The news shocked to the core not only people of Kasama but the whole district. Locals wondered what wrong they had done that had made authorities decide to turn the centre into a refugee camp.

The news galvanised people of Chitipa into action. They convened a district council meeting at which they expressed their displeasure about the development and asked government to rescind its decision.

The government listened to the people’s pleas and abandoned its plan to convert the skills development centre into a camp for refugees. Naturally, locals were delighted.

“We were very happy when government heard our concerns,” says Nyondo. “If it had gone ahead with its plan, we would be back to square one. We would have youths without skills wandering aimlessly.”

Teveta Board also expressed joy when government rescinded its decision, according to Kachoka, and visited Kasama to see how the skills development centre was functioning.

What members of the board saw during their visit more than pleased them, especially the locals’ zeal for development work and the fact that students rehabilitated buildings as part of their practical lessons.

This prompted the board to direct that Kasama CSDC should be turned into a community technical college, instantly releasing K130 million for the building of the college’s structures.

Construction work for Kasama Community Technical College is currently in progress.

Chitipa district commissioner’s office initially asked the Ministry of Agriculture for some land at Kasama Tobacco Scheme to be used for setting up a skills development centre, according to records.

The ministry responded positively and offered the district commissioner 10 hectares, including the scheme’s infrastructure which comprised an office block, warehouse and a shed.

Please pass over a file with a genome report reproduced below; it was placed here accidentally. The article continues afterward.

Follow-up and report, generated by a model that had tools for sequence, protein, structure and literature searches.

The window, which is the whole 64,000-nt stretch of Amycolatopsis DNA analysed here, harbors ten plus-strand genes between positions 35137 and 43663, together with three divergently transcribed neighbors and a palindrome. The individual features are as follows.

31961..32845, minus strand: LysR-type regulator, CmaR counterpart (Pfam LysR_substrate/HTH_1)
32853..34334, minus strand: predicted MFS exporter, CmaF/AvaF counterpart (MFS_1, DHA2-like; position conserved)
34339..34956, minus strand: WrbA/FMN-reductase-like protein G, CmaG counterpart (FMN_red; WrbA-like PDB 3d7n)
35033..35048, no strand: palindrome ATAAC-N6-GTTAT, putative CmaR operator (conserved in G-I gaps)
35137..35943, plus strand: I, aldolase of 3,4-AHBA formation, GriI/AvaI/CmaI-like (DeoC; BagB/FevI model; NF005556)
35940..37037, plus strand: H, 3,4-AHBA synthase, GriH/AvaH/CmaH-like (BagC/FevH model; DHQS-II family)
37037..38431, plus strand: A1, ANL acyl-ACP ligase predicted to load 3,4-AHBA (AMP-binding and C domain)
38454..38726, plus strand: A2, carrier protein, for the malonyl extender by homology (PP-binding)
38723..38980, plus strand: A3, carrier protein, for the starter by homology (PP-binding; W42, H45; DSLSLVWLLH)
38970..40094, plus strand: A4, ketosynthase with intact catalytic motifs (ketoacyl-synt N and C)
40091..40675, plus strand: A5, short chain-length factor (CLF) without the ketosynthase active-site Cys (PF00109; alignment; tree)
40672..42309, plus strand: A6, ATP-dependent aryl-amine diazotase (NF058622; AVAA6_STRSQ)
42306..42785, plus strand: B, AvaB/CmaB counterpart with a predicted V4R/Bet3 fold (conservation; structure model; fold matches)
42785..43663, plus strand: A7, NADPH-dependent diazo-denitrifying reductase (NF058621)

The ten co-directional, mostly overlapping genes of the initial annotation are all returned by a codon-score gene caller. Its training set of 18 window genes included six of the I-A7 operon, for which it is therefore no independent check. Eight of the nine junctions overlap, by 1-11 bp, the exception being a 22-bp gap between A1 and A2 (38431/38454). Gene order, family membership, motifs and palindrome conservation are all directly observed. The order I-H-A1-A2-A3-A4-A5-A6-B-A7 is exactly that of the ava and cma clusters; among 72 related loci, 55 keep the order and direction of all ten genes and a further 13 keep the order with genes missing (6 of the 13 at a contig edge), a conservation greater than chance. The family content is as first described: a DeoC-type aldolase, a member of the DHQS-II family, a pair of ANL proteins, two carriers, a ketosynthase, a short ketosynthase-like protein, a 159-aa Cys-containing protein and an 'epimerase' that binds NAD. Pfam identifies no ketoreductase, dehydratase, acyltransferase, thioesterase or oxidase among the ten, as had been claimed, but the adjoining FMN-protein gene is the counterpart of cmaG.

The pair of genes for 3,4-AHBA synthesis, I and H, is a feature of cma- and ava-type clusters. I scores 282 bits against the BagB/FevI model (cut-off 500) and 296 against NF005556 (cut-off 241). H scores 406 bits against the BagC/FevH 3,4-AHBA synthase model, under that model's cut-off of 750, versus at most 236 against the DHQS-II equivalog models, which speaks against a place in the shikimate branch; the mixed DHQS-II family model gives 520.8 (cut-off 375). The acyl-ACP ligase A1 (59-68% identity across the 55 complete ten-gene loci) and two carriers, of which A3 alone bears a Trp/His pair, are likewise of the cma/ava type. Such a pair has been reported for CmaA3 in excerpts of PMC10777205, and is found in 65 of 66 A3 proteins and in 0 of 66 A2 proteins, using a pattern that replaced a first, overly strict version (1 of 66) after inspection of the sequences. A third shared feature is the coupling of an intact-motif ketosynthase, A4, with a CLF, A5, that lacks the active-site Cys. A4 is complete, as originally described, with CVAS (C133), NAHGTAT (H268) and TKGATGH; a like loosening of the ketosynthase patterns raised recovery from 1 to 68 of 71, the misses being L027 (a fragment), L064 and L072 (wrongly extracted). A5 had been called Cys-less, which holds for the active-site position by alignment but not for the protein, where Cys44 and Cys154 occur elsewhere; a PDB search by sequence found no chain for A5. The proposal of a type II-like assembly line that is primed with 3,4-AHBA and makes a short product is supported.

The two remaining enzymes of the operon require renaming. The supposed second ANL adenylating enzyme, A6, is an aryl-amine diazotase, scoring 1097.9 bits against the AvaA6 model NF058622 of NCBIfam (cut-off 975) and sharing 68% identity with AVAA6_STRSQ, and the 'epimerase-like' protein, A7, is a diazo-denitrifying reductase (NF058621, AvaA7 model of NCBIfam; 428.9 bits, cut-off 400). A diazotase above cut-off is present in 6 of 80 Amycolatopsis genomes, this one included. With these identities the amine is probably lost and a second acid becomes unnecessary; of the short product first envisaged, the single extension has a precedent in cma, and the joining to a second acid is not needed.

“We were supposed to get a skills development centre but noting the locals’ enthusiasm for work, government has given us a community technical college,” says Grace Chirwa, District Commissioner.

Chirwa says, as a district, they are grateful to government for giving them what she calls a national college which “will improve lives of people in Chitipa and from other parts of the country”.

“What is pleasing [about the project] is that we have not imported workers from elsewhere to build the college,” she enthuses. “Students who are from the surrounding areas are the ones doing the work.”

News of the upgrading of Kasama CSDC to a community technical college thrilled the three group village heads, without whose collaboration it would not have come about.

“When we heard that we would have a college, the news sounded too good to be true. We used to spend a lot of money sending children to distant places to acquire vocational skills,” says GVH Zambwe.

Zambwe says with Kasama Community Technical College in the making, not many children in the area will think of going to neighbouring countries to work under harrowing conditions.

GVH Mwenechendo observes that poverty in the three villages will be alleviated with the coming of the college as, he says, it will give people skills that will enable them to provide for themselves.

Thanking government for the college project, Mwenechendo says he and the other two group village heads have shown that when people unite for a common cause, nothing is impossible to achieve.

“We would have just been dreaming about having a college were it not for the unity among the three of us and our people,” Mwenechendo told me.

GHV Nyami says that considering what youths in the area used to go through, the government could not have given them a better development project than the college.

“For instance, many girls here marry early because of the lack of vocational trainings,” says Nyami. “The college project will definitely put a stop to that.”

Kasama CTC is scheduled to open its doors next January if all goes according to plan and, as has been the practice during inauguration of such colleges, the Head of State is expected to preside over the function.

On such occasions, it is common to see people, especially politicians, clamouring for the President’s attention and seeking his handshake.

More than anyone else, the three wise group village heads will deserve a handshake from the country’s First Citizen during the college’s official opening.